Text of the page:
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Column: Under the right conditions, could Georgia have had glaciers?
Rudi Kiefer

We expected to see a few snowflakes on Banks Ridge in Baldwin last week, not a snowstorm accumulating 4 inches of white. For Hall, Habersham and Banks County that’s a considerable amount of snow. Isn’t it conceivable that some very long time ago, under the right conditions and with lots more snow, there could have been glaciers in North Georgia?

The answer is no. At least not in the past 300 million years, which is the time period for which we have a fairly good amount of geologic and climatic evidence. A strong piece of evidence for a past glacier is a U-shaped valley, or glacial trough. For example, there’s Going-to-the-Sun-Road at Glacier National Park in Montana. Traveling northeast, one sees St. Mary Lake on the right. To the left, the Rising Sun vacation camp comes into view. Just beyond that, in the northwest, there’s Rose Creek emerging from a magnificent valley that the creek couldn’t have shaped by itself. The slopes form a perfect rounded trough with their concave shapes, indicating that a glacier once moved through. Here in Georgia, valleys are V-shaped with no major change in slope angles from top bottom. That’s characteristic for the action of rivers.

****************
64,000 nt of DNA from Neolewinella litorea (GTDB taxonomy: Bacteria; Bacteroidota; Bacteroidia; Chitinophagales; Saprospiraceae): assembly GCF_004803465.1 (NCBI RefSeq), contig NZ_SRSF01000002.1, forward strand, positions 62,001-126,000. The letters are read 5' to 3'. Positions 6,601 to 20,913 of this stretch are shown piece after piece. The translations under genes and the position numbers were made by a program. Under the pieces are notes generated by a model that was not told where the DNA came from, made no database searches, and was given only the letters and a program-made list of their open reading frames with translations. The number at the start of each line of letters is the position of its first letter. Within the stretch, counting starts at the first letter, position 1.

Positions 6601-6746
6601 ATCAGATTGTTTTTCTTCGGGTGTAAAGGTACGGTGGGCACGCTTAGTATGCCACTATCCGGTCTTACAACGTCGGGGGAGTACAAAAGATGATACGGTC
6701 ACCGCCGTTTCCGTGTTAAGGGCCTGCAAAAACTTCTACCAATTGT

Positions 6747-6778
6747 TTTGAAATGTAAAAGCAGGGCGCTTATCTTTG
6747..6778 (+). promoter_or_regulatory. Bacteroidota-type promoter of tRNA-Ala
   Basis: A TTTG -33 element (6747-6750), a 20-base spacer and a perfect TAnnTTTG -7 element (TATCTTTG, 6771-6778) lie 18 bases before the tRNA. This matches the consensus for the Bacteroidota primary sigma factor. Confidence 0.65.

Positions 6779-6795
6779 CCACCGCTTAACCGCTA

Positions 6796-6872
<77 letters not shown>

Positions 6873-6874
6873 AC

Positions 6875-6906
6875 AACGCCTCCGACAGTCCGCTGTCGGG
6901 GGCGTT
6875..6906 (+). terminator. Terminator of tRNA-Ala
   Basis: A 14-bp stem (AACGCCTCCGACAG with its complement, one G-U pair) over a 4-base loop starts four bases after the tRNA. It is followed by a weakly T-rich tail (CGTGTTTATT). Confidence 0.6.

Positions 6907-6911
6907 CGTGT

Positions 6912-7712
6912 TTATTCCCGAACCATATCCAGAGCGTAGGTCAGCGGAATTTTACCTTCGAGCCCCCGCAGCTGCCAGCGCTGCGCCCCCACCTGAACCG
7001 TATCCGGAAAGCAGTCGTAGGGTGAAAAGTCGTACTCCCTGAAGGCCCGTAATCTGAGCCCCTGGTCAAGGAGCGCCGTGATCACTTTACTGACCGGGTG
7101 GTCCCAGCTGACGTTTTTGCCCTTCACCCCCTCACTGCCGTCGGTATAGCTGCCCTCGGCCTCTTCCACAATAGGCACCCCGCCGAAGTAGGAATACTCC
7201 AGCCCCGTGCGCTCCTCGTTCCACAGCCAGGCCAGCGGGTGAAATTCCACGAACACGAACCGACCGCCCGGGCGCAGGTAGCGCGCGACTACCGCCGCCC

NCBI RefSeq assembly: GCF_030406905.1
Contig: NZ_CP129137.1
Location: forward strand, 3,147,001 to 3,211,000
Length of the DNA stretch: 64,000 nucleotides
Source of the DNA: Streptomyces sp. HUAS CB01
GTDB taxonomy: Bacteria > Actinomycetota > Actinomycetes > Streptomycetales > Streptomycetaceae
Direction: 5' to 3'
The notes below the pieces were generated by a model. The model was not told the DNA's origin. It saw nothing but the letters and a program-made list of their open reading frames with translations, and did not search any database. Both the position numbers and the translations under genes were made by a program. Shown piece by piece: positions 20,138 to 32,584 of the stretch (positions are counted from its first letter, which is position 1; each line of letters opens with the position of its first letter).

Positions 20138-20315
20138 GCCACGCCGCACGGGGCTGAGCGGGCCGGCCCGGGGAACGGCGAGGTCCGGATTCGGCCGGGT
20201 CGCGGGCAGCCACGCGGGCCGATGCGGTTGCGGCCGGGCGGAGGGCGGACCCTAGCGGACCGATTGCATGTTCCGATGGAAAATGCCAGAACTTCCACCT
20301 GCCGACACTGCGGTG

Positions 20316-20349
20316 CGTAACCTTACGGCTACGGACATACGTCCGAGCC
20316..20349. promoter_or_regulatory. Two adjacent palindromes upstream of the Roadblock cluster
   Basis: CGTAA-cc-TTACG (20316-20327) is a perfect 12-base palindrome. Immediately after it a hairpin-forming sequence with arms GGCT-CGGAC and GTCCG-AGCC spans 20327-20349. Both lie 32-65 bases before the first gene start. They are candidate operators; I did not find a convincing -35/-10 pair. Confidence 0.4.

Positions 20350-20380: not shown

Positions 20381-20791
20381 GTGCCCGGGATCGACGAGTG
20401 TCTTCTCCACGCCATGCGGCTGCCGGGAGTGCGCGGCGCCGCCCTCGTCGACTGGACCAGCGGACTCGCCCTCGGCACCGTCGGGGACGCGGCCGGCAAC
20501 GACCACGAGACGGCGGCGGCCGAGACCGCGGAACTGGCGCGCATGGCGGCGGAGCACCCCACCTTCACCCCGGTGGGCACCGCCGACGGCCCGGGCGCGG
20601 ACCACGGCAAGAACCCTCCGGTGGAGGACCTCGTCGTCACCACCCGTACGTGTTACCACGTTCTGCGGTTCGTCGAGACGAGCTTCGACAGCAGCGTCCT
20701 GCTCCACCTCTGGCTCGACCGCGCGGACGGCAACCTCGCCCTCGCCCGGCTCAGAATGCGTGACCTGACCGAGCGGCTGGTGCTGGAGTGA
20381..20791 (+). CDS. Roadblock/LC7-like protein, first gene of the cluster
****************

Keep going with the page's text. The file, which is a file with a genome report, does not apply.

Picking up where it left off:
Glaciers aren’t frozen rivers. They are massive accumulations of ice, resulting from snow piling up year after year and not melting away during summer. The process starts high up in mountain areas where the snow might find a niche that protects it from melting. Over time, the weight of the accumulating snow compresses the bottom layers into solid ice. As more weight is added at the highest part of the valley, the ice mass begins to slowly slide downhill. In the process, it loosens chunks of the least solid rock in the valley walls and drags them along. Now it has become the world’s largest but slowest bulldozer. The glacier grinds and plows its way down the valley at a speed of what can be just a few inches per month. Extreme cases are known, though. In 1937, Black Rapids Glacier in Alaska made the world record by moving 220 feet a day. 

In the change to warmer climatic conditions, glaciers melt away (they don’t really “retreat”), leaving their U-shaped valleys behind. We don’t have any in Georgia. But still, Habersham’s V-shaped ones looked gorgeous covered in last week’s snow.

Rudi Kiefer, Ph.D., is a professor at Brenau University, teaching physical and health sciences on Brenau’s Georgia campuses and in China. His column appears Sundays and at